And with insulin, which is a much larger protein it makes it a bit more technically challenging. However, there’s new technology coming down the pipeline, like aptima based sensing that may be able to accommodate these larger proteins in a real time way. And so I think that’s, an area to watch.
And we’re seeing a lot of really interesting work in lab testing of this type of technology, but not in vivo clinical continuous monitoring. For me personally, I’d also just add on Inflammatory cytokines would be really interesting. Cortisol certainly to understand stress response in real time and actually also uric acid is one that I’m quite interested in.
Uric acid is downstream of fructose metabolism and really highlights how while glucose is an amazing way of getting biofeedback on diet it glucose is not the end all be all in determining what the perfect diet is for you. It’s just the tip of the iceberg. It tells us a lot. But if you just optimize for glucose, you’re not necessarily gonna have a perfect diet cuz of course you could chug canola oil or vodka and still have a fly glucose line.
And so having other nutritional biomarkers that can help disambiguate how a food is affecting your body, whether that’s inflammatory or something like uric acid, which is downstream of fructose we can start to have a more holistic picture and be able to say very concretely, this food. Is great for my body or this food isn’t.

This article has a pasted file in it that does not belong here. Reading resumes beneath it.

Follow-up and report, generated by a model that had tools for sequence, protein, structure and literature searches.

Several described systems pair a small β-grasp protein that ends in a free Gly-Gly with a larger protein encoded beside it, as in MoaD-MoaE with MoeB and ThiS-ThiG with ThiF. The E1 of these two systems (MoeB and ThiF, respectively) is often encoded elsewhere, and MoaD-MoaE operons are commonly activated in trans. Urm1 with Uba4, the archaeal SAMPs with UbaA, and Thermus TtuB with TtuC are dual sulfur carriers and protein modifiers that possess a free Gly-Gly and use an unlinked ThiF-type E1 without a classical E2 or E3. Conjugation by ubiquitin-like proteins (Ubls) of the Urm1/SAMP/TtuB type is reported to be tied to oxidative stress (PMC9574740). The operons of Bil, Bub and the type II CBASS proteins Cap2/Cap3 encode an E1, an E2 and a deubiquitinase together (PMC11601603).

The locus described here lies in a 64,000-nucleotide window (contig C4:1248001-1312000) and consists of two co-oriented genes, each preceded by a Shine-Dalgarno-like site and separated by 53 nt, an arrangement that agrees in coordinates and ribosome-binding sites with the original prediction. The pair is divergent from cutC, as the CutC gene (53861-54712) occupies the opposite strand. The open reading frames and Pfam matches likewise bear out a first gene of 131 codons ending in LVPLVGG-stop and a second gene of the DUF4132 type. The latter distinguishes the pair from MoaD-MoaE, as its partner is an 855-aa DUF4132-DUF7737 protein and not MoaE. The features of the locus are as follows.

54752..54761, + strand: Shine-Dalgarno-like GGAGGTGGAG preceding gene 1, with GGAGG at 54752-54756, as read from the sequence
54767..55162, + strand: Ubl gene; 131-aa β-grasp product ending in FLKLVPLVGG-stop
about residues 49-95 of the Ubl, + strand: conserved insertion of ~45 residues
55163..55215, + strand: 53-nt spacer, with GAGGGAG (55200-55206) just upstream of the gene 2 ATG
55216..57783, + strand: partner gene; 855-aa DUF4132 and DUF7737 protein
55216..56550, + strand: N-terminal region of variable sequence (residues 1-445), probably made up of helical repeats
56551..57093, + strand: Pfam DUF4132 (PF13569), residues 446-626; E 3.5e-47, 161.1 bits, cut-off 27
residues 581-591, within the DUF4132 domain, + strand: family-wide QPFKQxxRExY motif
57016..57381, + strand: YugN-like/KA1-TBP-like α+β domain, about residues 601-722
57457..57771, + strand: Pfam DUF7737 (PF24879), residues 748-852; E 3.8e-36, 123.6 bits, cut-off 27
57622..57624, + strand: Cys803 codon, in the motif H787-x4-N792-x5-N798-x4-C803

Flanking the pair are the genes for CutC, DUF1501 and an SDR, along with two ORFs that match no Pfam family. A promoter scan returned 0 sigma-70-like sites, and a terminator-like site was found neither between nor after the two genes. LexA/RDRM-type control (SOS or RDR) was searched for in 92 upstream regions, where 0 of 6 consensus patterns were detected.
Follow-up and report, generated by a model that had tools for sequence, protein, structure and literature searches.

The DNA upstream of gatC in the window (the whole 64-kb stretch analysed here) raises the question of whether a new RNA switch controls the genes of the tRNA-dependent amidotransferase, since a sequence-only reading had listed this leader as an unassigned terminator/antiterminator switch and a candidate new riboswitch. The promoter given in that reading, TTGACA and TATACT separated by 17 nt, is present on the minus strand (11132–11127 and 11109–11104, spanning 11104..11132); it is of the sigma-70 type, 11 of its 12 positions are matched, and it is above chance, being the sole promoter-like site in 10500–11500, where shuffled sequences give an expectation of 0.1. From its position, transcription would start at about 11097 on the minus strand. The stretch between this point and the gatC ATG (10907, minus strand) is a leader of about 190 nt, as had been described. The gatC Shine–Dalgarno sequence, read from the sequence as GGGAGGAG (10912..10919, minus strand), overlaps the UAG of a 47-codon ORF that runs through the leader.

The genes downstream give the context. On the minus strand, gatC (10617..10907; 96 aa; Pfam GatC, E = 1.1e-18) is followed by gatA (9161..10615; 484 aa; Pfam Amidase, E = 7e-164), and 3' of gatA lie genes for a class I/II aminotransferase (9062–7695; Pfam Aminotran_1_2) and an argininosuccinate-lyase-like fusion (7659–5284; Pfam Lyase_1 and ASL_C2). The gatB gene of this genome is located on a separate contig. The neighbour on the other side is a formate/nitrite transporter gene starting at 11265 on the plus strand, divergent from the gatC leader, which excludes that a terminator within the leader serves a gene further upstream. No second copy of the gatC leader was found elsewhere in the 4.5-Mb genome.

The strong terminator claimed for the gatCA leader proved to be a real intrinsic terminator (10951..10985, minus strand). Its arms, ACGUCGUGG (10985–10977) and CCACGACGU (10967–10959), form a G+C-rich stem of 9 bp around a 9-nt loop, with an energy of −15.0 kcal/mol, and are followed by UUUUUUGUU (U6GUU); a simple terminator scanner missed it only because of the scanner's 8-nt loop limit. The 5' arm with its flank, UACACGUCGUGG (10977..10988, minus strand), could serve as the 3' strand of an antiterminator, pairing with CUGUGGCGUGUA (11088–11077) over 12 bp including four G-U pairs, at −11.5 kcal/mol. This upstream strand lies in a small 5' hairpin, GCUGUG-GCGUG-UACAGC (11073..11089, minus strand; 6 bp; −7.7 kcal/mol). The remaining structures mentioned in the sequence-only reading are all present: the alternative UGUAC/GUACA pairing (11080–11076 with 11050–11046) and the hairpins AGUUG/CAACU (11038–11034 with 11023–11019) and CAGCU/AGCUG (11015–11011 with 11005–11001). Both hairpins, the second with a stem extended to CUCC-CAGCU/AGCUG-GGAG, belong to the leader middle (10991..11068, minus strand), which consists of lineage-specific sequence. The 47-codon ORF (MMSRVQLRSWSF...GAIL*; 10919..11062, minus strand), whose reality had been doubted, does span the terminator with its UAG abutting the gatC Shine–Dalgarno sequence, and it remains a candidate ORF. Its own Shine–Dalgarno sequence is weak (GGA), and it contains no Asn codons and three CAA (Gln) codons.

So glucose gets us a huge amount of the way there, but I think other nutritional downstream biomarkers like ketones, uric acid free fatty acids would be great as well. Yeah, I’ll just add on
Sara Gottfried: I agree with what’s been mentioned already and the challenges that we have with some of these larger molecules for continuous measurement.
One of the things I’m excited about is as physicians having better dashboards to be looking at some of these dense data sets and I think levels has taken us pretty far in terms of algorithms and dashboards. In terms of your question, Tom, I’m also very interested in some of the hormones that are part of this signal that changes with glucose.
And as Casey mentioned, we know from pretty robust data sets like the white hall study that. When you look at a change in glucose upstream, there’s this change that happens hormonally sometimes for years before that change in glucose. So that’s certainly true with insulin, it’s true with adiponectin. So these are some of the hormones that I like to look at.
And then some of these confounders such as cortisol and stress I think are very interesting and certainly uric acid, as Casey mentioned.
Tom Bunn: Fantastic. We have just a couple minutes left. If there are any questions, feel free to type ’em in. But curious in the few minutes remaining from each of you, what is the single most important thing somebody can do perhaps today to, take a, small step towards, metabolic fitness and metabolic health?